"… there was simply no legal basis for the Tribunal to apportion the length of the delay on account of the respective parties' culpability. [The EOT clause] clearly states that the period of extension shall be that which is fair and reasonable in all the circumstances and which fairly reflects the delay sustained. This has nothing to do with the parties' culpability per se." 

Thus, the court implicitly accepted that the assessment of a "fair and reasonable" EOT could involve an apportionment of an overall period of delay between contractor and owner. However, the Singapore Court of Appeal indicated that "culpability per se" does not afford a basis for determining any apportionment.


Commercial Implications: Apportionment

Different jurisdictions have taken different approaches to the question of apportionment: 

  • In England & Wales, courts have so far rejected apportionment, in favor of giving a contractor a full EOT where there is concurrent delay, but denying them the recovery of prolongation costs during the period of concurrent delay. This approach (known as the 'Malmaison Approach') is mirrored in the SCL Delay and Disruption Protocol (2nd edition, 2017, core principles 10 and 14), which is widely used throughout Europe, the Middle East, and Asia, to assist when determining culpability for delay and disruption on construction projects. 
  • In Scotland, the courts have found that it might be appropriate in these circumstances to apportion responsibility for delay between the two causes, with that apportionment to be done on a fair and reasonable basis. As to how this apportionment might be carried out, the courts have said that the approach could be similar to that taken in contributory negligence cases (in which the parties' 'blameworthiness' is a relevant factor), and suggested that two 'main elements' would be important: 'the degree of culpability involved in each of the causes of the delay and the significance of each of the factors in causing the delay,' with culpability likely to be the less important of the two factors in practice, and "the causative significance" of each of the factors likely to be more important.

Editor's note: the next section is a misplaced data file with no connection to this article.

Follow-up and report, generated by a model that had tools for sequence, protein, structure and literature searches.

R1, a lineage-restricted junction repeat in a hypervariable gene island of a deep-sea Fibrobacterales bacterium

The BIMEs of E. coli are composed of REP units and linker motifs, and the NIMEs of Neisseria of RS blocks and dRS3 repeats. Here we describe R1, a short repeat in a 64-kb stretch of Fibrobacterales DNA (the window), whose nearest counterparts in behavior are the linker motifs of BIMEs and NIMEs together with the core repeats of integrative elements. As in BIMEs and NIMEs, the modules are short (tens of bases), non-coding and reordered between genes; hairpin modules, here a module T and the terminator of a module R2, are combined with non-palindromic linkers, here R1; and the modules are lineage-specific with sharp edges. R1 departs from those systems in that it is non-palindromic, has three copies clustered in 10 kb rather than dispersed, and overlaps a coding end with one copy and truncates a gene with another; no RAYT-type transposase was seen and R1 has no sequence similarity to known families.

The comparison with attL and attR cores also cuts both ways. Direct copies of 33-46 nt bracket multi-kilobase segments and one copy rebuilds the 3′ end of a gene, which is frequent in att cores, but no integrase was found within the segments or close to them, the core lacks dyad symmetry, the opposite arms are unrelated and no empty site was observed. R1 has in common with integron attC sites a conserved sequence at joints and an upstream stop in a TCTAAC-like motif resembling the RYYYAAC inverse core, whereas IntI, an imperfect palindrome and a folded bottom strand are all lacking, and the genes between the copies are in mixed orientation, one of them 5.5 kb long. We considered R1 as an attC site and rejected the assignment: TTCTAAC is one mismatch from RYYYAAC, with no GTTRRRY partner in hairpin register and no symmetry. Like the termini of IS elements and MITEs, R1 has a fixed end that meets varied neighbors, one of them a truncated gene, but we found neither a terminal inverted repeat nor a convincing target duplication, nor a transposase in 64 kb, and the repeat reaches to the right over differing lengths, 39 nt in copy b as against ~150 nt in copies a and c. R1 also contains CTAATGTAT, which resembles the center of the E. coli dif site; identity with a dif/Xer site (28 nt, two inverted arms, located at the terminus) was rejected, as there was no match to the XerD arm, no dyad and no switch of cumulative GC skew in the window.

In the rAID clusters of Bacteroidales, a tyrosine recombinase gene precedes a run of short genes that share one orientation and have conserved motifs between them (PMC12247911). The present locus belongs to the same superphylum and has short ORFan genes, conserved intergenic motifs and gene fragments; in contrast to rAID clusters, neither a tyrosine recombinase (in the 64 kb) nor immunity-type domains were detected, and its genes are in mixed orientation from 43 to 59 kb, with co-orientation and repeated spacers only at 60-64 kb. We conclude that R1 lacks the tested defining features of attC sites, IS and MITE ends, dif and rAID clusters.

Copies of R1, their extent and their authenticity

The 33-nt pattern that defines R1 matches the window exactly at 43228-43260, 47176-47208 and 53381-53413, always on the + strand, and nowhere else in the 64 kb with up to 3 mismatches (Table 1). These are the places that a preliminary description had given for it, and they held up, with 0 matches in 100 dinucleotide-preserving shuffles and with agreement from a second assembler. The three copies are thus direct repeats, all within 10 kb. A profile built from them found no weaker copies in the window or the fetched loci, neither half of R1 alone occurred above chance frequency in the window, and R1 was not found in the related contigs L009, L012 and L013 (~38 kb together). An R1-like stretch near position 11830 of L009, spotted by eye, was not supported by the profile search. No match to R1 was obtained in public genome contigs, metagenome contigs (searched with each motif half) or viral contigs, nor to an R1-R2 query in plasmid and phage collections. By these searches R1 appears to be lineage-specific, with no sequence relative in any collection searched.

• Apportionment could also be more common in civil law jurisdictions, where the applicable civil code provisions may contemplate this approach. 

The significance of CAJ v CAI [2021] SGCA 102 is that it gives guidance to the approach that may be taken in EOT assessment where apportionment is permitted. It suggests that subjective notions of "blameworthiness" and "fault" are not relevant in apportioning delay, and that what is called for is a factual assessment of which competing causes of delay caused particular periods of delay. Once that assessment is done, the apportionment of delay between the parties may be made, so that a "fair and reasonable" EOT is given which reflects the factual responsibility of each party for delay. The use of "fair and reasonable" wording in EOT clauses suggests that great precision is not called for in assessing an EOT claim. Nevertheless, any assessment must be grounded in fact, as opposed to subjective ideas of what is "right" and "fair."


1 See, for example, clause 2.25.1 of the JCT Design and Build Contract, 2016.